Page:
From your application, you can push updates to GraphQL clients with .trigger.

Events are triggered by name, and the name must match fields on your Subscription Type

# Update the system with the new blog post:
MySchema.subscriptions.trigger(:post_added, {}, new_post)

The arguments are:


To send updates to certain clients only, you can use scope: to narrow the trigger’s reach.

Scopes are based on query context: a value in context: is used as the scope; an equivalent value must be passed with .trigger(... scope:) to update that client. (The value is serialized with GraphQL::Subscriptions::Serialize)

To specify that a topic is scoped, add a subscription_scope option to the Subscription class:

class Subscriptions::CommentAdded < Subscription::BaseSubscription
  description "A comment was added to one of the viewer's posts"
  # For a given viewer, this will be triggered
  # whenever one of their posts gets a new comment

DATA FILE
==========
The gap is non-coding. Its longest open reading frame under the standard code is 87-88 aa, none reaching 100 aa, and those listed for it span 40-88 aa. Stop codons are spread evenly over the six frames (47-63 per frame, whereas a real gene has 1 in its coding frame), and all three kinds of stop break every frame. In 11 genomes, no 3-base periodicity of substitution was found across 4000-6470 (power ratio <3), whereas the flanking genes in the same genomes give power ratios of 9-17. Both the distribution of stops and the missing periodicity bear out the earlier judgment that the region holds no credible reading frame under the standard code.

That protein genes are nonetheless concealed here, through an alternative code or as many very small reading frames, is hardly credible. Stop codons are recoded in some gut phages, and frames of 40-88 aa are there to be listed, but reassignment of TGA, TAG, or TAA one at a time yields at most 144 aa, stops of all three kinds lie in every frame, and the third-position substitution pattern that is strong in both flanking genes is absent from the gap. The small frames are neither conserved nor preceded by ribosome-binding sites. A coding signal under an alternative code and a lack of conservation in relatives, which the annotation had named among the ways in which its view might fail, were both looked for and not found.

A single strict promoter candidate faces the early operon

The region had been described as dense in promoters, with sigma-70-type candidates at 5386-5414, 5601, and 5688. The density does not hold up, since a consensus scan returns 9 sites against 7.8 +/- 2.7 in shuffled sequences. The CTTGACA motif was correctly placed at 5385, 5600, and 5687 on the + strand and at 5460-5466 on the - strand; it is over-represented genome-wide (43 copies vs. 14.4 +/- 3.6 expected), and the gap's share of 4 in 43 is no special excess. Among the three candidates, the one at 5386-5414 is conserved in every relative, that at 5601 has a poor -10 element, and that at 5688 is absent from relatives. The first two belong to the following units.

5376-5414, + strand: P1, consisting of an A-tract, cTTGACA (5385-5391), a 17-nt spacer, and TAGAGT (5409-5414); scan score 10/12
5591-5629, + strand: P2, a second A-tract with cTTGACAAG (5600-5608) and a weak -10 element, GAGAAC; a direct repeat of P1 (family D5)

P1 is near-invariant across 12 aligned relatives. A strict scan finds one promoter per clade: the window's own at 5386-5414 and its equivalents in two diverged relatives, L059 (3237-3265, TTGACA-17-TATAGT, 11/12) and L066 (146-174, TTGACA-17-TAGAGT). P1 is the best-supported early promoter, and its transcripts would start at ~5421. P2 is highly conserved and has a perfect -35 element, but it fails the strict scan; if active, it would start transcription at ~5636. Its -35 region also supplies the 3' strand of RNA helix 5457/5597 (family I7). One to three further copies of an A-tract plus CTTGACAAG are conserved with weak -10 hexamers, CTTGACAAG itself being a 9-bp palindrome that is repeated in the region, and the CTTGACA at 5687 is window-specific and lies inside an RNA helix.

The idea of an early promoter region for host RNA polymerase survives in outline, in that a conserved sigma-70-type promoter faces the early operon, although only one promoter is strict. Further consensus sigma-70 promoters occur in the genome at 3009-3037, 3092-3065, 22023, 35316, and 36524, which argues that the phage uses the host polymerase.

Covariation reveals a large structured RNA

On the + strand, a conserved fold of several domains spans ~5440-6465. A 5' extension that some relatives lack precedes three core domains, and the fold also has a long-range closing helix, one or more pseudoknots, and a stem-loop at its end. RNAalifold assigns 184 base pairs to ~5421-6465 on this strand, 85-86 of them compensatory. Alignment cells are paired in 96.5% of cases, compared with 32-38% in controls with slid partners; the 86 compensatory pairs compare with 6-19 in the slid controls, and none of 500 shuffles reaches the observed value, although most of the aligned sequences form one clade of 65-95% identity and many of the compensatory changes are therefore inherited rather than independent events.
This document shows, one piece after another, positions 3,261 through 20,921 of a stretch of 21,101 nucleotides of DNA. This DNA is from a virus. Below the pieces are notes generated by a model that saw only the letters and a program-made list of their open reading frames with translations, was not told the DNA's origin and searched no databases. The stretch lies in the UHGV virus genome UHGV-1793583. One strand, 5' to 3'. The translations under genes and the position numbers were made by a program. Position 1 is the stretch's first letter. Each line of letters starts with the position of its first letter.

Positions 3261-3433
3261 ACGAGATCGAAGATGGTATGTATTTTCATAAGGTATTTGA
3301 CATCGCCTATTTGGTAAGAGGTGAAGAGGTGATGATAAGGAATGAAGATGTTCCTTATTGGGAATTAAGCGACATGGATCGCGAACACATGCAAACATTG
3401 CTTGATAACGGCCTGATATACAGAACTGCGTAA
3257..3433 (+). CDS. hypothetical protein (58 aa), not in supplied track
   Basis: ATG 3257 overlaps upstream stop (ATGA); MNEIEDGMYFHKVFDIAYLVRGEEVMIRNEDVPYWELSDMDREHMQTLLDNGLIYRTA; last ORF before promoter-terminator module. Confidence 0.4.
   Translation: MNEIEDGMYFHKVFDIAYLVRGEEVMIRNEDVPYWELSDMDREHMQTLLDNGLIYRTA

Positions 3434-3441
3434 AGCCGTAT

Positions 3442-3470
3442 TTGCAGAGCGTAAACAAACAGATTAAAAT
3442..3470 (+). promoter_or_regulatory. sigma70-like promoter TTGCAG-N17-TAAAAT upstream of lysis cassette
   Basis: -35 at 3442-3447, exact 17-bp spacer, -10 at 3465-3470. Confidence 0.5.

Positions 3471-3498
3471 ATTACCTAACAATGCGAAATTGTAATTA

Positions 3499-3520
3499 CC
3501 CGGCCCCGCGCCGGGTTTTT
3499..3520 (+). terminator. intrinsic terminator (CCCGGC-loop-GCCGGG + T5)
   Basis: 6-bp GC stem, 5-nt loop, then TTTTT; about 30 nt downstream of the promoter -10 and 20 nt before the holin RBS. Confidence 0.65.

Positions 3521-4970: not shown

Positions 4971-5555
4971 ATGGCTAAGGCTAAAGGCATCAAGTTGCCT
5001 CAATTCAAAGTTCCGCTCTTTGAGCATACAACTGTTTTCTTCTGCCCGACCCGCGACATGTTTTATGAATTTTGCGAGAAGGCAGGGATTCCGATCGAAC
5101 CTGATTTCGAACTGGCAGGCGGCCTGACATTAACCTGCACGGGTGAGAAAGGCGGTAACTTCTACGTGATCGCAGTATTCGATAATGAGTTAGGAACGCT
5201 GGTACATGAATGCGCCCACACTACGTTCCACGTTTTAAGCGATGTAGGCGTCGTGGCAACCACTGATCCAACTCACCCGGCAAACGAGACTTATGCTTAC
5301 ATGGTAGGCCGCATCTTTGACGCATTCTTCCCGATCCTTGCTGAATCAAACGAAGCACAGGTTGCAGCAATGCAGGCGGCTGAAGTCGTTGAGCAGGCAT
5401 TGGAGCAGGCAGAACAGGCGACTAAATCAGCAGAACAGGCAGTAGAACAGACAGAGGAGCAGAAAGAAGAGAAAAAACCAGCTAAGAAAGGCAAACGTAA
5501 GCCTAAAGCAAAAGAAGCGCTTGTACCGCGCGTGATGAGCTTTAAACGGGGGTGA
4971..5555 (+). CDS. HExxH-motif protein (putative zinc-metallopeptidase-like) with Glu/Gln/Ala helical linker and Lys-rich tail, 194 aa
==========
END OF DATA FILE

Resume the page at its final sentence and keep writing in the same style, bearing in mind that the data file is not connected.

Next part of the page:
subscription_scope :current_user_id
  # ...

(Read more in the Subscription Classes guide.)

Then, subscription operations should have a context: { current_user_id: ... } value, for example:

# current_user_id will be the scope for some subscriptions:
MySchema.execute(query_string, context: { current_user_id: })

Finally, when events happen in your app, you should provide the scoping value as scope:, for example:

# A new comment is added
comment = post.comments.create!(attrs)
# notify the author
author_id =
MySchema.subscriptions.trigger(:comment_added, {}, comment, scope: author_id)

Since this trigger has a scope:, only subscribers with a matching scope value will be updated.


By default, subscriptions are re-validated when a trigger causes them to send updates. To disable this, you can pass validate_update: false when hooking up subscriptions to your schema. For example:

use SomeSubscriptions, validate_update: false

If you’re sure you won’t be releasing breaking changes to your schema, this setting can reduce overhead in evaluating updates.